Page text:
A war-weary Congress generally backs President Barack Obama's outreach to Iran, but with tougher U.S. economic measures against Tehran on the way, the president's diplomatic task could get harder if he doesn't make quick progress.
Obama's phone call last week to Iranian President Hassan Rouhani was a groundbreaking conversation. It was the first contact in more than 30 years between the leaders of the two countries and an about-face from when Obama's predecessor, George W. Bush, included Iran in his "axis of evil" with North Korea and Iraq.
The sentiment in Washington's political circles has changed, too.
During the current shutdown, "people are continuing to move the process along and so when the government is back open for business I would expect the bill to come out of the Senate Banking Committee and get to the next stage of the legislative process," said Mark Dubowitz, executive director of the Foundation for Defense of Democracies, a Washington-based think tank that advocates for a tough line on Iran.
Debate on Capitol Hill about Syria also has changed the dynamic on U.S. ties with Iran.
Lawmakers were reluctant to keep a U.S. military option on the table in connection with the crisis in Syria after the Aug. 21 chemical weapons attack outside Damascus, which, according to administration estimates, killed more than 1,400 people. It's difficult to see how Congress would support a U.S. military strike on Iran over its nuclear program, and that might strengthen Obama's case for a diplomatic resolution to the standoff.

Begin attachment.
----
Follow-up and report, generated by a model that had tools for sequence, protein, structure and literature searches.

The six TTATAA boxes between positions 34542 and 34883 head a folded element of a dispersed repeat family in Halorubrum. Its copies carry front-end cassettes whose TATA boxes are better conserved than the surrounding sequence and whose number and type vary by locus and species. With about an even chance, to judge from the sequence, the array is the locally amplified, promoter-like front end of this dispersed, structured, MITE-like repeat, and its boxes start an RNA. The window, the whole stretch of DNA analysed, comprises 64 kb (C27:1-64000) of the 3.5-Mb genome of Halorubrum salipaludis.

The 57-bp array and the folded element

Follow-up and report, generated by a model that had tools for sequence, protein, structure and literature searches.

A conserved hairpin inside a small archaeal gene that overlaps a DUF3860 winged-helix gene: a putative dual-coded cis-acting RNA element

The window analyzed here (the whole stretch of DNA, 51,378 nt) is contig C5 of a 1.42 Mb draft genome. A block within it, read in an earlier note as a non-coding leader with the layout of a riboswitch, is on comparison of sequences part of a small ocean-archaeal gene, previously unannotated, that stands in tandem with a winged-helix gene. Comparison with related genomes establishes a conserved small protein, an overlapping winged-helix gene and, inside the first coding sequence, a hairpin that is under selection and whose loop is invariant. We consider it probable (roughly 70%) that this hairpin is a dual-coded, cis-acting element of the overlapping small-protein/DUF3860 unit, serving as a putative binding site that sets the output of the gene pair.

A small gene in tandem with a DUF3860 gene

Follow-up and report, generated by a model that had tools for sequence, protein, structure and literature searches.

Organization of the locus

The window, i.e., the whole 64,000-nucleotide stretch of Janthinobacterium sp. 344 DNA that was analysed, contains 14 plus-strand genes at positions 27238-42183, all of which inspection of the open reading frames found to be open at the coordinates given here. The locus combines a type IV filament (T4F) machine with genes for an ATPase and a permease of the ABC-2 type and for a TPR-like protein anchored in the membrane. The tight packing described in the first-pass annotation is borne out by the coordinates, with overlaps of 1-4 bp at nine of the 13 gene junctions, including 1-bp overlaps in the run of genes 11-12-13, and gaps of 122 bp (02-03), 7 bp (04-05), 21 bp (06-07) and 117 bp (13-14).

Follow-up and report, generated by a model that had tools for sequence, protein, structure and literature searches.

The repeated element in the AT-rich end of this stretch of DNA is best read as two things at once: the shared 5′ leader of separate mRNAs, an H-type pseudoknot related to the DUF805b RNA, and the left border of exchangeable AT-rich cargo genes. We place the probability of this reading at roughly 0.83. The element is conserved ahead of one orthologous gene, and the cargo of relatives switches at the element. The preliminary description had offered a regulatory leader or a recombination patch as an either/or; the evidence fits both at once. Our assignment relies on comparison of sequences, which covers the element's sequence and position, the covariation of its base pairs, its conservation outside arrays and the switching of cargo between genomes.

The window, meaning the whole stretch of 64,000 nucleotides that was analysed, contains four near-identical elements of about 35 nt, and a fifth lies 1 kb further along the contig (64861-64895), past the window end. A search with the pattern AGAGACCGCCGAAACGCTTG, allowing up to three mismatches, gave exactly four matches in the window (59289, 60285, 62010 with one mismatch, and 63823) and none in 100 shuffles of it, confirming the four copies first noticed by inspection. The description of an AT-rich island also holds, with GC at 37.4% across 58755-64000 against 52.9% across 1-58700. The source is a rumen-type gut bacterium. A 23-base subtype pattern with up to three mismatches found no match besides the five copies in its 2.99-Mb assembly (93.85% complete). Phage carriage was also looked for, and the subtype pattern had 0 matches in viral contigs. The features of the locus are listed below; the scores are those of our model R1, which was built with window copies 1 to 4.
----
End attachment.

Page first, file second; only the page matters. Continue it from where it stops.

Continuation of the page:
Sen. Mark Kirk, R-Ill., a member of the Senate Banking Committee, is in favor of a tough new round of sanctions.
"We should judge Iranian leaders by their actions, not their words," Kirk said Tuesday. "So long as Iran continues to pursue a nuclear weapons capability, build longer-range ballistic missiles, sponsor terrorism around the world and abuse human rights, the Senate should impose maximum economic pressure on Iran to give diplomacy a chance to succeed."
On Monday, Sen. Bob Menendez, D-N.J., chairman of the Senate Foreign Relations Committee, said he welcomed diplomatic engagement with Iran, but said it "cannot be used to buy time, avoid sanctions and continue the march toward nuclear weapons capability."
In the House, Rep. Adam Schiff, D-Calif., said Obama's engagement with Rouhani "holds the promise, albeit tenuous, distant and difficult, of a resolution of the Iranian nuclear question." Writing off chances for success without trying would be "negligent," he said.
Meanwhile, Republican Rep. Ed Royce, R-Calif., the House Foreign Affairs Committee chairman, credited America's "damaging sanctions" for getting Rouhani on the phone and said the U.S. must increase economic pressure "until Iran stops its nuclear drive."
Some Iran experts, such as Trita Parsi, president of the National Iranian American Council in Washington, believe that any new sanctions imposed at this time will destroy the prospects of diplomacy. Dubowitz believes, however, that the Obama administration would be OK with Congress passing new sanctions as long as it's not too soon.
"If the sanctions are on the president's desk by tomorrow morning, I think they would probably face quite a bit of resistance from the White House right now in terms of timing and atmospherics," Dubowitz said. "But I think the White House appreciates that it's very useful to have Congress move the sanctions bills through the process at the same time as the U.S. is engaging Iran on the diplomatic side."